Home | Magneto Breakage – Bendix ‘Dual Mag’ on Lycomings

Magneto Breakage – Bendix ‘Dual Mag’ on Lycomings

The FAA has just published SAIB NE-08-26, referring to the Bendix ‘Dual Magneto’ installed on some Lycoming engines. At a glance, it may appear that this SAIB does not apply to any BAC-owner planes. As is often the case, there is wisdom in much of the SAIB text for all of our planes. To my recollection, only our Duchess members have engines that use the D2000 ‘dual mag’. The announcement I received implies that the document only applies to IO360 installations, so our Duchess owners may overlook it (because they have O-360s, not IO-360s). Note that the dual mag refers to the unit containing two magnetos on a single drive; as opposed to the more common two separate magnetos (mounted on two separate drive pads).

It is certainly possible that the problems have first surfaced on IO360 installations, due to the ‘sharper’ vibratory signature. And on the D2000/D3000 magnetos, because of their much heavier weight compared to a standard ‘single’ mag. But the heads-up should put all of us on notice, considering the age of our aircraft.

One of the warnings contained in the SAIB refers to the use of the wrong gaskets under the magneto mounting flange. Some owners and technicians mistakenly use the gaskets with ears on each side. Those gaskets are for use between the magneto impulse coupling adapter and the accessory case. The magneto gasket is supposed to be round, with no ears or tabs on it. This is an age-old problem, with two side effects. The clamp cannot develop full clamping force, as it is being held off of the mounting boss by the ears on the gasket, and the gasket beneath the clamp compresses and erodes. The short-term result is often a mag that won’t hold its timing setting. Someone keeps tightening the clamp (a futile effort), and the result is a damaged clamp and flange. The end result, from vibration wear over time, is that both the clamp and the magneto mounting flange are ruined.

If you are fortunate, this is discovered during a mag inspection. If you aren’t, the mag can break off of the engine, when the clamping flange breaks. Even if no failure occurs before the problem is caught, excessive wear could force you into a new mag housing or mag replacement, at the next mag overhaul. So the sooner this is caught, the less costly it will be. Just replacing the gasket should be quite inexpensive; probably just one or two hours shop rate, to R&R the gaskets and re-time the mags (plus the gasket cost, which is low).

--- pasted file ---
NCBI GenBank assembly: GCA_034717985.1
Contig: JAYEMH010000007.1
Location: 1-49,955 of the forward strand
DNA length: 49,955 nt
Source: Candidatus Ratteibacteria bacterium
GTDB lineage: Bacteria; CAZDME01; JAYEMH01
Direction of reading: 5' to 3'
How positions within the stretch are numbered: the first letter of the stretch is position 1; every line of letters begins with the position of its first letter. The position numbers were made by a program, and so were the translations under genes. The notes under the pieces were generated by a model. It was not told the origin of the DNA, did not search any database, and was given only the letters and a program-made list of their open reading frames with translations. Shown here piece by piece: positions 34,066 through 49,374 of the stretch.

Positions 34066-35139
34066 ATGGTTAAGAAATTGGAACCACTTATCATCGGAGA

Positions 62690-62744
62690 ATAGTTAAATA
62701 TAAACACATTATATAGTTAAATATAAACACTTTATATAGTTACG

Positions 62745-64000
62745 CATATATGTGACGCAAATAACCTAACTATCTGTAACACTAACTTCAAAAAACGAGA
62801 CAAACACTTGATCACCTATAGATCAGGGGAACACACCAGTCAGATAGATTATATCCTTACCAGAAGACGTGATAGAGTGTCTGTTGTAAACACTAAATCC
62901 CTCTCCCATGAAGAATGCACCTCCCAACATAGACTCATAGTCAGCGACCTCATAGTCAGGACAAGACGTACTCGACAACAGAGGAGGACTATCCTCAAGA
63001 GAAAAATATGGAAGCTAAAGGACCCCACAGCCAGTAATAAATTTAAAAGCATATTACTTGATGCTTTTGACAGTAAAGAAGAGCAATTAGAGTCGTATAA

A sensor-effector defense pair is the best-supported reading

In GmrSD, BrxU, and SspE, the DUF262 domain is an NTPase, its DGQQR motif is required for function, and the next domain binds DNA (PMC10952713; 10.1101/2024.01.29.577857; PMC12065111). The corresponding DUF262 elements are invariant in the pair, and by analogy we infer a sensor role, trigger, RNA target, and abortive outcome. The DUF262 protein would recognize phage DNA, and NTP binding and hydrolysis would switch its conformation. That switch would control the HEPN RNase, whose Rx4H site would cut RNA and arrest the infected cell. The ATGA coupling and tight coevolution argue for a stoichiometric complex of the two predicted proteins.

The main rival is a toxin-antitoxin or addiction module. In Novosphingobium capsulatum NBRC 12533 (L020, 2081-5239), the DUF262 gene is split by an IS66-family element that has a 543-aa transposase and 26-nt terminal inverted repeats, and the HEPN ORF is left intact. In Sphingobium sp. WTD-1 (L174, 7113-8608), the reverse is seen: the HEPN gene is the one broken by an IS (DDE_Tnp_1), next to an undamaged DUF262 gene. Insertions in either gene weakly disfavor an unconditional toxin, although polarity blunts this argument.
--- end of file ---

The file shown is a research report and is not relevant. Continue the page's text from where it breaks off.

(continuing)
So some cautions for the wise:

– As soon as you can, use a bright light to examine your magneto hold-down clamps. Make sure that there is no sign of gasket material between the base of the clamp and the mounting pad. You only have to check the accessible side. The gaskets have two ears, or no ears at all.

– Each time your cowling is open, see whether you can detect any movement in your mag housing. There should be no movement at all, neither rocking nor rotating movement.

– While the heavier Bendix mags are at greatest risk, it is a good idea to check the mags for security, regardless of model or brand. In theory this gets done at every Annual Inspection; but the owner can also make this check whenever it is convenient. The earlier a loose mag gets caught, the cheaper the fix will be.

[Additional Comment by Mark Gooderum, BAC Technical Director]

There is an improved magneto clamp referenced in this SAIB, “3. Only use the new style magneto clamps, P/N 66M19285.” For what it’s worth the Lycoming part superceded by this new part number is the same part used in our aircraft with the S1200 mags, so the part supercedure applies to our aircraft as well, although they aren’t referenced by the SAID (or the AD out there on dual magneto Mooneys).

I personally suffered slippage (dicussed in a previous thread on this site) that also concurred with a worn flange on the left magneto impulse coupling housing. Whether the wear caused the slippage or was a result of it due to vibration was unclear.

So anyone having their service done I’d highly recommend using the new clamps, they are clearly an improved design over the old ones, two years ago a complete set of four set me back <$100 (they were about $20 each).

Thank you for adding to the resources available for your Fellow BAC Members.